STAMFORD, Conn. — Political dignitaries, family and friends are gathering Friday to honor the late Joe Lieberman at a funeral service in Stamford, Connecticut, the hometown of the four-term U.S. senator who grew up as the son of a liquor store owner and came within hundreds of votes of becoming the first Jewish vice president in 2000.

Lieberman died Wednesday in New York City from complications from a fall, according to his family. He was 82.

Services will be held at Congregation Agudath Sholom in Stamford. For Lieberman, a self-described “observant jew” who followed the rules of the Jewish Sabbath from sundown Friday to sundown Saturday, the congregation played a key role early on in his life.

He once recalled how the congregation’s former synagogue building was “a place that gave me the first sense of religion; a very special uplift,” according to a posting on the congregation’s website.

“I feel very lucky — my adherence to the Jewish tradition is really an asset,” he said. “Religious Catholics and Protestants find a bond of common value with my beliefs and stand. It is this that makes me so proud of being an American.”

Top Connecticut Democrats, including former Sen. Chris Dodd, Sens. Richard Blumenthal and Chris Murphy and Gov. Ned Lamont, Lieberman’s one-time rival for the Senate seat, are expected to attend the services Friday morning. A second public memorial is expected to be held at a future date.

Lieberman, a former state Senate leader and attorney general, was known for his pragmatic, independent streak. A moderate Democrat who ended up running as an independent to win a fourth term in the Senate, Lieberman came close to becoming Republican John McCain’s running mate in 2008. However, conservatives balked at the idea of tapping Lieberman, who was known for supporting gay rights, civil rights, abortion rights and environmental causes while taking a hawkish stand on military and national security matters.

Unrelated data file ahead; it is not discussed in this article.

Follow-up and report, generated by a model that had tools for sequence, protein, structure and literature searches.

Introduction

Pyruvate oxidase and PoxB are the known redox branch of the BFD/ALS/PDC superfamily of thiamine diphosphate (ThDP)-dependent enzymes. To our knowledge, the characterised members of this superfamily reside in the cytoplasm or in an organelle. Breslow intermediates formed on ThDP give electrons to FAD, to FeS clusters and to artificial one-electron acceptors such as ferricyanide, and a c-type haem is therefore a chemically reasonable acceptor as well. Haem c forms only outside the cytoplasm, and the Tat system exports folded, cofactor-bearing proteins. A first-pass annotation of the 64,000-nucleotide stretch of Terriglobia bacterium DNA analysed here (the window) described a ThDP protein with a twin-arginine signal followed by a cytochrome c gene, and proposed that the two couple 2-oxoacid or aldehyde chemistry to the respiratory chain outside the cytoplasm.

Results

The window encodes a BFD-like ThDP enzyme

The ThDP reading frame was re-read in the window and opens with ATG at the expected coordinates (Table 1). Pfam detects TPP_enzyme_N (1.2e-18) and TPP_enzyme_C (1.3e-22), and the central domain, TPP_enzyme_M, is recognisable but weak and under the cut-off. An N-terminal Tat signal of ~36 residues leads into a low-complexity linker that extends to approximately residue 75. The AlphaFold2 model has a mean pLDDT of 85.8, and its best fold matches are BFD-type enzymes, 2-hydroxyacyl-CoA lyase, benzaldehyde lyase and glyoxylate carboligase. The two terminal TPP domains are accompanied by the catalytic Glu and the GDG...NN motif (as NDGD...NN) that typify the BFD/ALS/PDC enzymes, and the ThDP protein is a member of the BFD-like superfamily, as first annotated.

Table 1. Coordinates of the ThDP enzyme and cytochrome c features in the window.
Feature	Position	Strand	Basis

President Joe Biden on Thursday called Lieberman a friend, someone who was “principled, steadfast and unafraid to stand up for what he thought was right.”

“Joe believed in a shared purpose of serving something bigger than ourselves,” Biden, who served 20 years in the Senate with Lieberman, said in his statement. “He lived the values of his faith as he worked to repair the wounds of the world.”

Lieberman came tantalizingly close to winning the vice presidency in the contentious 2000 presidential contest that was decided by a 537-vote margin victory for George W. Bush in Florida after a drawn-out recount, legal challenges and a Supreme Court decision. He was the first Jewish candidate on a major party’s presidential ticket.

Over the last decade, Lieberman helped lead No Labels, a centrist third-party movement that has said it will offer as-yet-unnamed candidates for president and vice president this year. Some groups aligned with Democrats oppose the effort, fearing it will help presumptive Republican nominee Donald Trump win the White House.

Lieberman and his wife, Hadassah, have four children.

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